British Airways stored administrator password and credit card data in plain text
British Airways has been fined 20 million pounds by the British regulator ICO for not having its security in order. Among other things, the company stored sensitive data unencrypted.
The Information Commissioner’s Office was fined 33 million euros after an investigation into a large-scale data breach in 2018, in which personal data of 380,000 people was stolen, including credit card details including CCV numbers. The privacy authority describes the course of the hack of the payment systems and lists where things went wrong with security.
The attackers managed to gain access to British Airways’ networks using account information from a Swissport employee. From there, the attackers managed to get tools within the Citrix environment that they could use to screen the network. For example, they discovered a login name and password of an administrator account that were stored in plain text and that, according to the ICO, gave almost unlimited access to the domain.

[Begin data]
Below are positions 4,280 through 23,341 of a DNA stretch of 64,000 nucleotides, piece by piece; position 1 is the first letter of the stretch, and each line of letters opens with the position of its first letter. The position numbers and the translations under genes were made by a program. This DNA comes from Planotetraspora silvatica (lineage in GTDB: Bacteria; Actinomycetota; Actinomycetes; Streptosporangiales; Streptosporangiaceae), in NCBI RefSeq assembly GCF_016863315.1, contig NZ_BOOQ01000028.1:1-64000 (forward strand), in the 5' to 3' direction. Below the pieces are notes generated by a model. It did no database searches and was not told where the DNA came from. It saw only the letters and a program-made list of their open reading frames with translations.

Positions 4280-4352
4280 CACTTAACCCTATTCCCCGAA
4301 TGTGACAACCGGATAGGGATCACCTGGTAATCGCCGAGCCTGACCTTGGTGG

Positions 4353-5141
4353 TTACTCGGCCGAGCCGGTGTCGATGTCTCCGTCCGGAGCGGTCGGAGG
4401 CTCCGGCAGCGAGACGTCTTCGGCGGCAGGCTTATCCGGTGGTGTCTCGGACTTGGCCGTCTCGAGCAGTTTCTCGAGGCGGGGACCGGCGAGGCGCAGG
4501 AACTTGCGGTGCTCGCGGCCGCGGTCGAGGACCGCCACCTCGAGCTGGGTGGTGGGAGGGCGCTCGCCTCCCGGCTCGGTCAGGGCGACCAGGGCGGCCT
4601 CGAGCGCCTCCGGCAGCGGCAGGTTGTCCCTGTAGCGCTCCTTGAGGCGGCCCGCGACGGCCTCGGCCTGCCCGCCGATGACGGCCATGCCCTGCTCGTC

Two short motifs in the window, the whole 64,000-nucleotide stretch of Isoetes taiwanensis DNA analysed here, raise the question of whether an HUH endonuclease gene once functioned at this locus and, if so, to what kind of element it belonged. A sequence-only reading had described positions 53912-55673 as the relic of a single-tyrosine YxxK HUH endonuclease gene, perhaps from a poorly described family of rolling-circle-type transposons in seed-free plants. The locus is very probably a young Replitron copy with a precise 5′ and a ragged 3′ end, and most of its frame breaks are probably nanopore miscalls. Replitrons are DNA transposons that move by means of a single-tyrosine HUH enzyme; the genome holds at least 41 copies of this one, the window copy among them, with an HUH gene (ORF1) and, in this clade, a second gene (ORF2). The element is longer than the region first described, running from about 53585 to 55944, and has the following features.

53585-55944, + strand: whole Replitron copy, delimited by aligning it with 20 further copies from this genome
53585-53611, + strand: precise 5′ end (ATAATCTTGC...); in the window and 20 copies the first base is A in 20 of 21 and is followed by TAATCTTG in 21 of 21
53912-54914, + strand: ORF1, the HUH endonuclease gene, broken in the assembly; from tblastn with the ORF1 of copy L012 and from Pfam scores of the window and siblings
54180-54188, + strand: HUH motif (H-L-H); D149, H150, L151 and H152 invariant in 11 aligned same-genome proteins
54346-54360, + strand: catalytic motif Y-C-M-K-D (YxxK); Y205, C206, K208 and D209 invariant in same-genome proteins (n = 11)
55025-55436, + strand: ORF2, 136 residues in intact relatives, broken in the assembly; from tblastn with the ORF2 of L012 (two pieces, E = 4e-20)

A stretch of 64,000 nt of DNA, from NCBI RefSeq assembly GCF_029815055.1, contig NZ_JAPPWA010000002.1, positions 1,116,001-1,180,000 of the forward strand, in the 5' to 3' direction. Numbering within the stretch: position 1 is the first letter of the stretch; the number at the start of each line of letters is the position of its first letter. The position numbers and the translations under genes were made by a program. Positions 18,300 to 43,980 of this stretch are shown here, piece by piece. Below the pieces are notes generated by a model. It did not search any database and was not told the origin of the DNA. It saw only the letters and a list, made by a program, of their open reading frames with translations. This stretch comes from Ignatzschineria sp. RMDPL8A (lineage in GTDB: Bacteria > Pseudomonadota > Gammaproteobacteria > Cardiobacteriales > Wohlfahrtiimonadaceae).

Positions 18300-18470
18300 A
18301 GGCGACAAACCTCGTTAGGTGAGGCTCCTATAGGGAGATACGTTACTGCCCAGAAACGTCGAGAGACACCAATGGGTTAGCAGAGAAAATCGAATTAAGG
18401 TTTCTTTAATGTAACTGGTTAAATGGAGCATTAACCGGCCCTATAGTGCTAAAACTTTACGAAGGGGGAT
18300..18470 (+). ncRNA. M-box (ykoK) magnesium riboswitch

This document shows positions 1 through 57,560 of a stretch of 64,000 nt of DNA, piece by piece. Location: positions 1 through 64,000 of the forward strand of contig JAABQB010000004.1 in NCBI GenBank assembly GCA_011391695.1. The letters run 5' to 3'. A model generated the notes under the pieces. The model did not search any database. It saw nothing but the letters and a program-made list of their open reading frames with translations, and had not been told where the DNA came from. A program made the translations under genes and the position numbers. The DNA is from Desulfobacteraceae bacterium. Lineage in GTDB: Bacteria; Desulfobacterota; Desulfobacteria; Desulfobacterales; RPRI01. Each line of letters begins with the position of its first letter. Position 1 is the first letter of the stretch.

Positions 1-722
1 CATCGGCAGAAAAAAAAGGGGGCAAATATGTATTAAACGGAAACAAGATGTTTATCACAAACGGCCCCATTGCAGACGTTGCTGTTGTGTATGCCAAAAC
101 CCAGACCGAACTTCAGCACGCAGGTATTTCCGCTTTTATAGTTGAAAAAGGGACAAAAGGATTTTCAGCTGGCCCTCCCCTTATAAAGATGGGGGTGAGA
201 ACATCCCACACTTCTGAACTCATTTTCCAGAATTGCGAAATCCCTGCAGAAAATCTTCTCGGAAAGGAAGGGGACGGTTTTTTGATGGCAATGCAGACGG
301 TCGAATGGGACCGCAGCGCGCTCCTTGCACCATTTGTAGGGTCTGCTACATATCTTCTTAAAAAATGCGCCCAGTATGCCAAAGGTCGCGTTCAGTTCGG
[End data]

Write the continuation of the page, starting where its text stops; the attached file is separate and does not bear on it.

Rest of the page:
For example, the attackers were able to log in to multiple servers and on July 26, 2018, they were able to access log files containing, again in plain text, stored credit card information, including CCV numbers. Thanks to a test function that went live due to human error, the credit card data had been logged so unencrypted since December 2015. The retention period was limited to 95 days, which limited the damage somewhat, but the data of 108,000 cards was still so insightful.
The fine is much lower than the amount of 183 million pounds that the ICO threatened with last year, partly because the aviation sector is in financial difficulties due to the corona pandemic. During the talks over the amount of the fine, British Airways called credit card data breaches to the ICO “a completely mundane phenomenon.”